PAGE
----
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Bateman's Purpura - Treatment and Symptoms

Bateman's Purpura is a skin disorder which is mainly found among youth, but it can easily occur to the people of any age. These are extremely common lesions, particularly in the elderly. They result from very minor trauma which the patient may not even remember. Lesions are ecchymoses (essentially bruises), and can be any shade from blue to black, depending upon the age of the lesion. Often, many are present on each arm, the characteristic location. They heal with a whitish, irregularly shaped scar, called a stellate pseudoscar. The skin appears thin and wrinkly, almost flimsy looking.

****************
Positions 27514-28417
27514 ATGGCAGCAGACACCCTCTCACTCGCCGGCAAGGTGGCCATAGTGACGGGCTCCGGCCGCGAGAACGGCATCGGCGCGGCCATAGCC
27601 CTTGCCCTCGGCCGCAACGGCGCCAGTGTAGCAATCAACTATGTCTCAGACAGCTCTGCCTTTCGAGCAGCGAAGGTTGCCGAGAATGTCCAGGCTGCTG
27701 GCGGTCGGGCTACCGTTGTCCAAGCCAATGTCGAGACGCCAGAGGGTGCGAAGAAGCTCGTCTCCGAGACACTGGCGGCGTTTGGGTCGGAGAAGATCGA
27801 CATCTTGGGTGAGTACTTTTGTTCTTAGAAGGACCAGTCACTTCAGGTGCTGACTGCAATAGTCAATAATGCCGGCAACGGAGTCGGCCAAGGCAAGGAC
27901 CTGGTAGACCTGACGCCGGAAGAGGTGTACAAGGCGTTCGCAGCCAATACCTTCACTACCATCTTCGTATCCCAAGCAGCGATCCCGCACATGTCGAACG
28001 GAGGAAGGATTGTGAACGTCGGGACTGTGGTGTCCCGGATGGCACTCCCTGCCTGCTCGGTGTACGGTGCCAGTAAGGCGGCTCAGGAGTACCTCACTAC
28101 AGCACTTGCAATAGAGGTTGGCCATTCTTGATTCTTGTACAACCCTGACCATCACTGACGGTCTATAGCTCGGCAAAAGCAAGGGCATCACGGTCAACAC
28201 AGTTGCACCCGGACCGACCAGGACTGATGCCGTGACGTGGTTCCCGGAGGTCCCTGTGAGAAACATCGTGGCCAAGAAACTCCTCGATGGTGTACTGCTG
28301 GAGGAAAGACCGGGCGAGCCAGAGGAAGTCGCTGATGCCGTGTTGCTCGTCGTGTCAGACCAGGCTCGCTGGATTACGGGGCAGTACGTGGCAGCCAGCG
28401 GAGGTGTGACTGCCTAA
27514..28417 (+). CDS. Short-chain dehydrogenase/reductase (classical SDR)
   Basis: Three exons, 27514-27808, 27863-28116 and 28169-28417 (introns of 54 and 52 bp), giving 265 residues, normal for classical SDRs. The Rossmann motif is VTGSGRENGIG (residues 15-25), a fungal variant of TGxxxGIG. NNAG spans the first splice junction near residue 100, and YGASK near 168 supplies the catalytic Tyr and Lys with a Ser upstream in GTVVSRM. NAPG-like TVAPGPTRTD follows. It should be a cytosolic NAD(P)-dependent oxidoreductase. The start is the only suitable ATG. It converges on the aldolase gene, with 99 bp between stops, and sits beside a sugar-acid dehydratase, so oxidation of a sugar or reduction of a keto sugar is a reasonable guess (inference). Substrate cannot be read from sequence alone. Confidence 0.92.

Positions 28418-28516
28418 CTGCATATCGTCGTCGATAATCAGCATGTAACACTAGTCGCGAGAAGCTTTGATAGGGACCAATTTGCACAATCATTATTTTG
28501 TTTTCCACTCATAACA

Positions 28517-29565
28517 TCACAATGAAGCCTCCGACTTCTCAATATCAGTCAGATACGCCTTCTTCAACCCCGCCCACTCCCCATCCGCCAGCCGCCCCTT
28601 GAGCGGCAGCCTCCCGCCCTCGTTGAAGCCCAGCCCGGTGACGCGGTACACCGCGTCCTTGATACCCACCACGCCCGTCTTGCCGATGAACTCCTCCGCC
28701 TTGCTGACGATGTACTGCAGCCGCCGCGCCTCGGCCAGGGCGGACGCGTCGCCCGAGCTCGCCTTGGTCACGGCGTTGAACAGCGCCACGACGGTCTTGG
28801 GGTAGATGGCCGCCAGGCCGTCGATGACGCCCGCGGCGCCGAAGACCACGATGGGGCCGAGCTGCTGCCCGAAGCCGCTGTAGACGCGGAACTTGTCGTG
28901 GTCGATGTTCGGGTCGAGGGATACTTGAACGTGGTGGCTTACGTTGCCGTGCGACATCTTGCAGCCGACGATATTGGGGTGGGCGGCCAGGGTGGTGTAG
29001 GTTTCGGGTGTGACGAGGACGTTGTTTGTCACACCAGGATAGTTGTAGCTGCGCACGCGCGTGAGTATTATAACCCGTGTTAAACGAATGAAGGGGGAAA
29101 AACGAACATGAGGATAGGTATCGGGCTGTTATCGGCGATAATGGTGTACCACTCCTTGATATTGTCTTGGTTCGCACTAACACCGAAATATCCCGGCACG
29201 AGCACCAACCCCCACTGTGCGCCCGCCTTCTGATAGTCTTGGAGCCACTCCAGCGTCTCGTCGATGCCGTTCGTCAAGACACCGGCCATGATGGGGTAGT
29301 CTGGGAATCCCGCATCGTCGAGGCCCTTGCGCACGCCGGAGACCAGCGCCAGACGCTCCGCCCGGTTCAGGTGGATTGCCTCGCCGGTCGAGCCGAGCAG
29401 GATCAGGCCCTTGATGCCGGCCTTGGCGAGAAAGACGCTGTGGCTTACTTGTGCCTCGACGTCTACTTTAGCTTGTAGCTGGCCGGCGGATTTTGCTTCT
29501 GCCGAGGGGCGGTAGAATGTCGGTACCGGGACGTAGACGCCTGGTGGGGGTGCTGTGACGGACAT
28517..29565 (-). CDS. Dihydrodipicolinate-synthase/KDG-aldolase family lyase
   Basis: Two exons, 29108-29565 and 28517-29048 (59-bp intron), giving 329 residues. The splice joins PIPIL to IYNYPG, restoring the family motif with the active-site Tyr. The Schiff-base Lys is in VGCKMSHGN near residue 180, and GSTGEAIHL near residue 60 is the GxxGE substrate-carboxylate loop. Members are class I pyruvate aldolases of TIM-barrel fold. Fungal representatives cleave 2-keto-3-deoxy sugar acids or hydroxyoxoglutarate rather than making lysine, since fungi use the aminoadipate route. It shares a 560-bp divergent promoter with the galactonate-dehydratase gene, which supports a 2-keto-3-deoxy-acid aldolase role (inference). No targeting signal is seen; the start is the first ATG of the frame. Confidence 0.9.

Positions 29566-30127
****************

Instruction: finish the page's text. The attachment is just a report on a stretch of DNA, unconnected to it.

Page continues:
Bateman's purpura refers to flat, irregular, purple lesions that appear on your skin as you get older. They are common, but not dangerous. These lesions usually appear on the back of the hands and the forearms. These flat blotches start out red, then turn purple, darken a bit further and eventually fade. They differ from normal bruises in several ways. First, usually there wasn't much of a knock or injury to cause them. Second, the are not tender. Finally, they last longer than normal bruises, often a few weeks.

Treatment of Bateman's Purpura

Following are the treatment of Bateman's Purpura:

  • Cosmetics can be used to camouflage the lesions
  • Vitamin K cream
  • alpha hydroxyacid lotions
  • Vitamin K cream applied to the skin daily has been shown to improve this condition.
  • For women, the hormone progesterone in lotion will help even more.